Targeting Oxidative Stress to Provoke Greater Tissue Maintenance and Regeneration in the Aging Heart

The heart is one of the least regenerative organs, and what limited ability it has to recover from injury is further diminished by age. This is of particular concern in the context of recovery from a heart attack, which leaves regions of scar tissue rather than functional tissue, weakening the heart. The best approach to this problem is to prevent heart attacks from occurring in the first place, which would have to be achieved by in some way halting and reversing the underlying processes of atherosclerosis and the growth of fatty lesions in the vasculature. There is enthusiasm for this goal in academia and industry, at least in principle, but very little concrete progress in departing from the futile focus on lowering LDL-cholesterol in the bloodstream, which can only modestly slow the progression of atherosclerosis, not reverse it.

Thus, a sizable fraction of the regenerative medicine community is interested in finding ways to provoke greater regeneration in heart tissue, largely with the primary goal of helping heart attack survivors to regain at least some lost function. Today's open access paper is a discussion of the role of oxidative stress and cellular senescence in the age-related loss of regenerative capacity in heart tissue, with particular attention given to the function of progenitor cells in the heart responsible for regeneration. Researchers are looking for ways to reprogram the behavior of these cells, to reduce the impact of senescence, and it may be that oxidative signaling is a place to start.

Targeting the redox system for cardiovascular regeneration in aging

Lifespan has nearly doubled over the recent seven decades, but the final years of life come often with aging-associated diseases, most prominently cardiovascular disease (CVD) featured by progressive deterioration of cardiovascular structure and function. Aging imposes extensive changes on cardiovascular tissues that lead them toward a pathological state including hypertrophy, left ventricular dysfunction, arterial stiffness, and vascular dysfunction. Extrinsic factors, such as environment and lifestyle, and intrinsic processes, such as oxidative stress and inflammation, exacerbate DNA damage response, metabolic remodeling, and epigenetic drift, and thereby promote cellular aging in the cardiovascular system. These irreversible changes progressively impair the ability of cells to proliferate, which is critical to replace damaged cells that naturally accumulate in aged cardiac and vascular tissues.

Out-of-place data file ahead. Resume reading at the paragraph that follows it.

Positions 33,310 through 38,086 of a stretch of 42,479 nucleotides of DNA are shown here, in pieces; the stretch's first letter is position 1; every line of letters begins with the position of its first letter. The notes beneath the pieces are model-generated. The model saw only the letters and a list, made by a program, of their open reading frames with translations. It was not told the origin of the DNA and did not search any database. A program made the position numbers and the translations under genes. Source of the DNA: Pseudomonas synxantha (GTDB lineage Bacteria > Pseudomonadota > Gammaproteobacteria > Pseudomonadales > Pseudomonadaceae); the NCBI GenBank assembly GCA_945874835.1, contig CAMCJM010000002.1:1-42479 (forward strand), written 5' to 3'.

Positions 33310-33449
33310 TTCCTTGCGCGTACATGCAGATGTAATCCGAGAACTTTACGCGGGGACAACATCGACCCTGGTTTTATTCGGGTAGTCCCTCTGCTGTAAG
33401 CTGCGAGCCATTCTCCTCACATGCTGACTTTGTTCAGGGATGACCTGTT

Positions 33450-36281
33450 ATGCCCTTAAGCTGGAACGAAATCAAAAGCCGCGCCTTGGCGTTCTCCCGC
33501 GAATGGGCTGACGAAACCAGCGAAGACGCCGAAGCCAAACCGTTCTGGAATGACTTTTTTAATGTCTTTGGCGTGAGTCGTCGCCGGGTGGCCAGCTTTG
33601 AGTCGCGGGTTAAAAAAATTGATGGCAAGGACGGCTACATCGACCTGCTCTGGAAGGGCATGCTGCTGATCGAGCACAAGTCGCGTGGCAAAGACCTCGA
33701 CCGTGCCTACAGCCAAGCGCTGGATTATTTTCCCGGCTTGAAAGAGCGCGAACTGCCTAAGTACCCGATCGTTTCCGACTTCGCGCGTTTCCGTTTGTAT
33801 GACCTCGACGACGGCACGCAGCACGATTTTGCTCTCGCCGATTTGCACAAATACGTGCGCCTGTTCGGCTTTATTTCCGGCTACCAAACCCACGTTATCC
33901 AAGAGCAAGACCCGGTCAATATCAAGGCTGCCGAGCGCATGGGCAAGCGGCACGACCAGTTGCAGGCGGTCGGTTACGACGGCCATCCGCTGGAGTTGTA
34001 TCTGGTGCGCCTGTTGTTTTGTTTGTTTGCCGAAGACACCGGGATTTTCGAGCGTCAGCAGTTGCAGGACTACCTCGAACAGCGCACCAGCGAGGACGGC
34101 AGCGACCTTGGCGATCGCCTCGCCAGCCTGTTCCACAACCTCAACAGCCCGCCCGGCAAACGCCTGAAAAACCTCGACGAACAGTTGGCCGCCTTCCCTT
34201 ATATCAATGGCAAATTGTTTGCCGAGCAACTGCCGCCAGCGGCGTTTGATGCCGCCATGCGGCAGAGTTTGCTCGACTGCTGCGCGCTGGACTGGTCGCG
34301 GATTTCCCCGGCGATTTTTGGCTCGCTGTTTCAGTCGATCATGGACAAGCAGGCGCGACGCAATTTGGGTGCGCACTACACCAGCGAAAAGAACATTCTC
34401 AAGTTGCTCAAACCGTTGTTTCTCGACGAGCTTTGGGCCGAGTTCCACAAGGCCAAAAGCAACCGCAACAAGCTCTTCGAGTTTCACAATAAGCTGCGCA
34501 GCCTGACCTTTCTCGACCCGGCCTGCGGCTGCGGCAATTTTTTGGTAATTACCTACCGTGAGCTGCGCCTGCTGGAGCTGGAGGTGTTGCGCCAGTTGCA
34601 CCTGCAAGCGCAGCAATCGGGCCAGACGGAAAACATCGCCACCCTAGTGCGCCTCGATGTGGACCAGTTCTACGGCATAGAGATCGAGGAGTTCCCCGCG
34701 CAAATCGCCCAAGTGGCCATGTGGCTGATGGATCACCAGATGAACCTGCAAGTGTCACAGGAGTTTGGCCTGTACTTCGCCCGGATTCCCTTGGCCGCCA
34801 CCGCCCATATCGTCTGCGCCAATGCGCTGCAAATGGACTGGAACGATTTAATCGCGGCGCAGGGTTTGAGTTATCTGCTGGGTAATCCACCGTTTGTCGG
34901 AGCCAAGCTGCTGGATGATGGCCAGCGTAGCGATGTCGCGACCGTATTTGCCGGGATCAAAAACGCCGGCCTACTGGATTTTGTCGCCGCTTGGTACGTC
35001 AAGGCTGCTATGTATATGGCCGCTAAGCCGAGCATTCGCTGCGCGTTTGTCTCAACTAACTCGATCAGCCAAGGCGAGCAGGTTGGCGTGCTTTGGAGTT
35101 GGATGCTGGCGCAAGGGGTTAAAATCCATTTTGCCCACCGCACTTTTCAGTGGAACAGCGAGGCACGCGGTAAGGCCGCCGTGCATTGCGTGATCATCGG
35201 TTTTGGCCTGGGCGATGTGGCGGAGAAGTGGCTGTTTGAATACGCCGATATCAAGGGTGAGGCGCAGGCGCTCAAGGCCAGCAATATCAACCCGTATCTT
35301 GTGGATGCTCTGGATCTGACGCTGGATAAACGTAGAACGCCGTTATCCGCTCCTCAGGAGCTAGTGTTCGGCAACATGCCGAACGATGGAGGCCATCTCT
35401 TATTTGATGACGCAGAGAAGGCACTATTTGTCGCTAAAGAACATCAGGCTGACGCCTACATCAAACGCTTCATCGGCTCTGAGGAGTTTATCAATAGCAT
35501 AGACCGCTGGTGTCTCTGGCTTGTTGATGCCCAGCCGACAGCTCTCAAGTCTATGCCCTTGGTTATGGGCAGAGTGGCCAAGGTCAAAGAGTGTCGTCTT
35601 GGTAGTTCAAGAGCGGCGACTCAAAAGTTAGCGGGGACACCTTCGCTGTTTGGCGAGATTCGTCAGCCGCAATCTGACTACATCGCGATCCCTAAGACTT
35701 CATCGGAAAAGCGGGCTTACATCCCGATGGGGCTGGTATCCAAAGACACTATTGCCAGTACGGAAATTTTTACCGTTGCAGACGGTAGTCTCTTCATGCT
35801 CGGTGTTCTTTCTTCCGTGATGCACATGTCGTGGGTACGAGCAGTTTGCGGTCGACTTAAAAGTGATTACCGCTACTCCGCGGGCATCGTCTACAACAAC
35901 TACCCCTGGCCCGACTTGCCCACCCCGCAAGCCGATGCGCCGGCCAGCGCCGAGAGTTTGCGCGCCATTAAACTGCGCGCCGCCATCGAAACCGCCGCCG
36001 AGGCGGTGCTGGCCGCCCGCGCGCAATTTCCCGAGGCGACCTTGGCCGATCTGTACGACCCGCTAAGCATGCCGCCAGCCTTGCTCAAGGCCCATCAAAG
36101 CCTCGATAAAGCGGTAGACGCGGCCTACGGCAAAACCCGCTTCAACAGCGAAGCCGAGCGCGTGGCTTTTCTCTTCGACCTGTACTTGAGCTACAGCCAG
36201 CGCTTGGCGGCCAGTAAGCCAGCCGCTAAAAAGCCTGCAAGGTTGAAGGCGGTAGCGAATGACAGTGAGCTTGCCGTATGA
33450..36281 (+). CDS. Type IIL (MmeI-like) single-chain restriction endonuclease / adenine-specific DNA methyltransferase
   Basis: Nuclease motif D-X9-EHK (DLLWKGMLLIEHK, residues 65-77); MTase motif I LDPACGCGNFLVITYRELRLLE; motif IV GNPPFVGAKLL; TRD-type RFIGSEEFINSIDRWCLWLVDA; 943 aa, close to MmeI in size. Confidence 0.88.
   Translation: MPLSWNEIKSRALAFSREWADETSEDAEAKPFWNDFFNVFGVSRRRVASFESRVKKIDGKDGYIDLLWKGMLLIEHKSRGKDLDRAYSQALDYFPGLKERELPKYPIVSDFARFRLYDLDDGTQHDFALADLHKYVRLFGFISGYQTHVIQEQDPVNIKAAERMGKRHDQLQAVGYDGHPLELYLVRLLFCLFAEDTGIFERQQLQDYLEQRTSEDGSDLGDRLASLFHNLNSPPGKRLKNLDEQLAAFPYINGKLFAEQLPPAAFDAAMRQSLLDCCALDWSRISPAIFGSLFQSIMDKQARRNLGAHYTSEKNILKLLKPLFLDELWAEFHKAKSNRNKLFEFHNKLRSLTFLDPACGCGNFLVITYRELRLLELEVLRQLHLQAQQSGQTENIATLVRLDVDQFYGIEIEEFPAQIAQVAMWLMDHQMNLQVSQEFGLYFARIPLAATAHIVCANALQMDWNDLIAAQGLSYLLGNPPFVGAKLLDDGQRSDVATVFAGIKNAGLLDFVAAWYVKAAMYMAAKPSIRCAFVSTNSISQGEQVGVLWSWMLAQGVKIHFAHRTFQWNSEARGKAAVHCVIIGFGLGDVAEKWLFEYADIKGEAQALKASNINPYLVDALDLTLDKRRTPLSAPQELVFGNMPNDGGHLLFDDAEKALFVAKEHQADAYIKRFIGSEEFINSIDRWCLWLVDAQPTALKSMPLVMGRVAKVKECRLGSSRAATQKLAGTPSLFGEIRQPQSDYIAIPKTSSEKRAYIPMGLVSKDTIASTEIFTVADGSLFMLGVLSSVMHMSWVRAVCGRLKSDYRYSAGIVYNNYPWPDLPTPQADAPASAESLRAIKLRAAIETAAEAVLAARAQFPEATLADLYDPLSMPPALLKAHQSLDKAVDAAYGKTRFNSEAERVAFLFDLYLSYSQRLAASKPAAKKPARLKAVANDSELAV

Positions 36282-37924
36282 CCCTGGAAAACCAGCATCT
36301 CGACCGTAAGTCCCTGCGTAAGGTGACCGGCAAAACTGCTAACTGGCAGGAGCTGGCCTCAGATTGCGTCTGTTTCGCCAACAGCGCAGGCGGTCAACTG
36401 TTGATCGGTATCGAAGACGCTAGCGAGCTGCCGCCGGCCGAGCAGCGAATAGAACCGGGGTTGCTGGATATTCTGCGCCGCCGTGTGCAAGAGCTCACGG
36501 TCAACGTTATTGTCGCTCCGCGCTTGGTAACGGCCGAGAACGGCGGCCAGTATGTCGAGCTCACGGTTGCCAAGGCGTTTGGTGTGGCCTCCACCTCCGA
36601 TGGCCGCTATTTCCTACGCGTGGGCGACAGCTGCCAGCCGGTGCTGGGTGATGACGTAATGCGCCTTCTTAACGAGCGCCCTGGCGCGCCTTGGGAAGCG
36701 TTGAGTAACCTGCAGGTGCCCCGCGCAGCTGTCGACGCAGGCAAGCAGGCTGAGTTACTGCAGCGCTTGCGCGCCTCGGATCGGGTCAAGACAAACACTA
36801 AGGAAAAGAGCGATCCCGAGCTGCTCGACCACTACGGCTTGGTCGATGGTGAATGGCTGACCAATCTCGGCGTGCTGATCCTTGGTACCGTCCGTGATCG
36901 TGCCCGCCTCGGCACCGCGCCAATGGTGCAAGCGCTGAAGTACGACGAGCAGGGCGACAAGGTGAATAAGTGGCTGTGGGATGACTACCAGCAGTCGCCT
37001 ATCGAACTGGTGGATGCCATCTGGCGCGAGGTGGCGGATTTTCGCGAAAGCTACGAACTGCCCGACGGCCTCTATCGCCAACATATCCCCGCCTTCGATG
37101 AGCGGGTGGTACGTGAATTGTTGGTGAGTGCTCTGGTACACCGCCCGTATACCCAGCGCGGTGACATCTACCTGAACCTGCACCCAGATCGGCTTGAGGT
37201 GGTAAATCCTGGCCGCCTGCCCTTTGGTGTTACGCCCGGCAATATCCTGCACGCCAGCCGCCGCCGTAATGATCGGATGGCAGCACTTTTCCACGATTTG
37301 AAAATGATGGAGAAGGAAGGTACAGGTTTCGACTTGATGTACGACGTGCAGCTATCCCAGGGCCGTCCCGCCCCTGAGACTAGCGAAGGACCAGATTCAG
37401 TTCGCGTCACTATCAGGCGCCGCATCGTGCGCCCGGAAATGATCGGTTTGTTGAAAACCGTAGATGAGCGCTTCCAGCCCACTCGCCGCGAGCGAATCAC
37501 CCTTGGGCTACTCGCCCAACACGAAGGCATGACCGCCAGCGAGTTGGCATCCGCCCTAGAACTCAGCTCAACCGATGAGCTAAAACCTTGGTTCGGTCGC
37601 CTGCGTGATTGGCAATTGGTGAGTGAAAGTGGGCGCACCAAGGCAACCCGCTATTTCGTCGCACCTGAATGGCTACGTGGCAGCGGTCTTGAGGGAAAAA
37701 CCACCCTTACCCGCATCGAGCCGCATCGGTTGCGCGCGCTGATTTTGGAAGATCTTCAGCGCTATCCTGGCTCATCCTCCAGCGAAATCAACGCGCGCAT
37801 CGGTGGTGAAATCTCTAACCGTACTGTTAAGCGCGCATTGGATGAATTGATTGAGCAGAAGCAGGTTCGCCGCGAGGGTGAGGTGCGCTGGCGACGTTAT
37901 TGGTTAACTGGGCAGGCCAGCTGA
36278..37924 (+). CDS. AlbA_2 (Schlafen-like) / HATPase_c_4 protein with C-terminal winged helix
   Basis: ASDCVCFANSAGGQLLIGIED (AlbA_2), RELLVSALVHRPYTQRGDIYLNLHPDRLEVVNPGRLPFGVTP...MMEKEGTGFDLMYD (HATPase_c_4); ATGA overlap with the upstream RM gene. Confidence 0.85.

During the recent decade, it is increasingly understood that the accumulation of the non-proliferating cells, so-called "senescent cells," declines mammalian tissues and organ function. According to the emerging "adult stem cell senescence theory of aging," stem cells and/or progenitor cells harboring in the heart and blood vessels or circulating progenitor cells, which replenish either preexisting senescent stem cells or specialized cardiomyocytes (CMs) and endothelial cells (ECs), become exhausted and lose their stemness during aging. The aging/senescence milieu suppresses endogenous regenerative and reparative mechanisms in the adult stem cells and progenitor cells, and also limits the success of cell-based regenerative therapies that aimed at repairing injured and dysfunctional tissues and restoring a youthful phenotype in the cardiovascular system. In a middle-size human study involving 119 humans with cardiovascular disease (32-86 years), more than 50% of tissue-specific cardiac progenitor cells (CPCs) exhibited the senescence phenotype.

Reactive oxygen species (ROS) have been viewed as pathological molecules that undermine normal cellular pathways by increasing oxidative stress. The cardiovascular system is principally vulnerable to reactive oxygen species (ROS) induced oxidative damage due to its high metabolic demand and low antioxidant defense capacity in aging. Single-cell RNA-Seq analysis of mouse aged cardiovascular ECs reveals transcriptomic reprogramming, including upregulation of ROS metabolic process in these cells. Not only in aged arterial ECs, single-nucleus RNA-Seq verify that oxidative responses are enriched in aged CMs in both primate and human hearts. These studies and beyond have demonstrated that these aged cardiac and arterial tissues exhibit a higher level of senescence-associated β-galactosidase staining and expression of pro-senescence genes including IL1β, IL17, and Type-I interferon (IFN-α). The relentless ROS production can also cause oxidative stress in cellular components, leading to cardiovascular stem/progenitor cell senescence and impaired proliferation and differentiation.

A mounting body of evidence underscores the significance of targeting redox machinery to restore stem cell self-renewal and enhance their differentiation potential into youthful cardiovascular lineages. Hence, the redox machinery holds promise as a target for optimizing cardiovascular regenerative therapies. In this context, we delve into the current understanding of redox homeostasis in regulating stem cell function and reprogramming processes that impact the regenerative potential of the cardiovascular system. Furthermore, we offer insights into the recent translational and clinical implications of redox-targeting compounds aimed at enhancing current regenerative therapies for aging cardiovascular tissues.

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